Revealed: risk priority groups for swine flu vaccination
By Lilian Anekwe
Exclusive: GPs will be vaccinated first in the Government's swine flu vaccination campaign, followed by pregnant women, young children and adults with chronic illnesses, Pulse can exclusively reveal.
Pulse has learned from a senior Government adviser that a provisional ‘pecking order' has been drawn up for vaccination. Everyone in the UK will be vaccinated eventually, but priority is set to be given in the following order:
• Healthcare professionals
• Pregnant women
• All children under five
• Adults aged under 65 with a chronic illness
• Young people aged under 18
• All other patients not in the categories above
The first doses of the swine flu vaccine will be available in the early autumn, and GPs will be thrust into the front line to deliver an immunisation campaign to patient groups outside the over 65 age group which is the main focus of the seasonal flu campaign.
This means GPs face the looming prospect of running two different vaccination campaigns in different patient groups simultaneously.
The source told Pulse: ‘The priorities for vaccination are a big priority for the Department of Health and it looks like it may be more prevalent come the winter. Even if only a small number of people develop complications that is still going to be a huge number of people if the proportions are as high as the 30% the Government is planning for.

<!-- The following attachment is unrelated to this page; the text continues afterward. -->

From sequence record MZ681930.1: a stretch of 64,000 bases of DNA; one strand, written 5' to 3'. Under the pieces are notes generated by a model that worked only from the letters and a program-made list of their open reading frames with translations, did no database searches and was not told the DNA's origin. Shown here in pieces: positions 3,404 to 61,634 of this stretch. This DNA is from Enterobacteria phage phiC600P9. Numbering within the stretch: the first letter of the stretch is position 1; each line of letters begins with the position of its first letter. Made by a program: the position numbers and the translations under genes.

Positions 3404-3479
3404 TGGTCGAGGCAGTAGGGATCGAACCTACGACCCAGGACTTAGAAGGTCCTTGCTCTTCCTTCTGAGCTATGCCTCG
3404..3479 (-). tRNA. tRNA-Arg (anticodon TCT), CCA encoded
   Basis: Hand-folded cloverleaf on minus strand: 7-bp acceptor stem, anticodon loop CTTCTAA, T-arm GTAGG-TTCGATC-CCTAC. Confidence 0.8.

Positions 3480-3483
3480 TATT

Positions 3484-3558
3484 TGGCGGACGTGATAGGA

‘It's almost certain that GPs and healthcare professionals will be vaccinated first, because you've got to keep your workforce going.
‘After that, at-risk groups will be vaccinated. This will mean pregnant women, because there seems to be a suggestion that they are at specific risk.'
‘The remaining groups will be all children under five, those aged under 65 with a chronic illness, and then under 18s.'
‘That's the tentative pecking order. Older people are not a priority group for the swine flu vaccination as it seems that everybody born before 1958 might have been already exposed to this H1N1 swine flu virus.'
GPC negotiators are still locked in discussions with the Department of Health over exactly how the vaccination campaign will be run, and how it will be financed.
GPC deputy chair Dr Richard Vautrey told Pulse: ‘The £7.51 GPs are currently paid is part of a package of financial arrangements to run the practice. Swine flu is completely different, is most likely to cover different groups than the seasonal flu campaign, and so will have a completely different order of magnitude and will require extra resources. That's what we are trying to negotiate.'
A Department of Health spokesperson said: 'There is no list, and we have not yet taken a final decision on who will receive the vaccine first.'
'We are discussing this with our independent scientific experts. Decisions will be made on the basis of the most up-to-date evidence about the severity and spread of the disease and the delivery supply timetables.'GPs face the prospect of running two different flu vaccination campaigns simultaneously GPs face the prospect of running two different flu vaccination campaigns simultaneously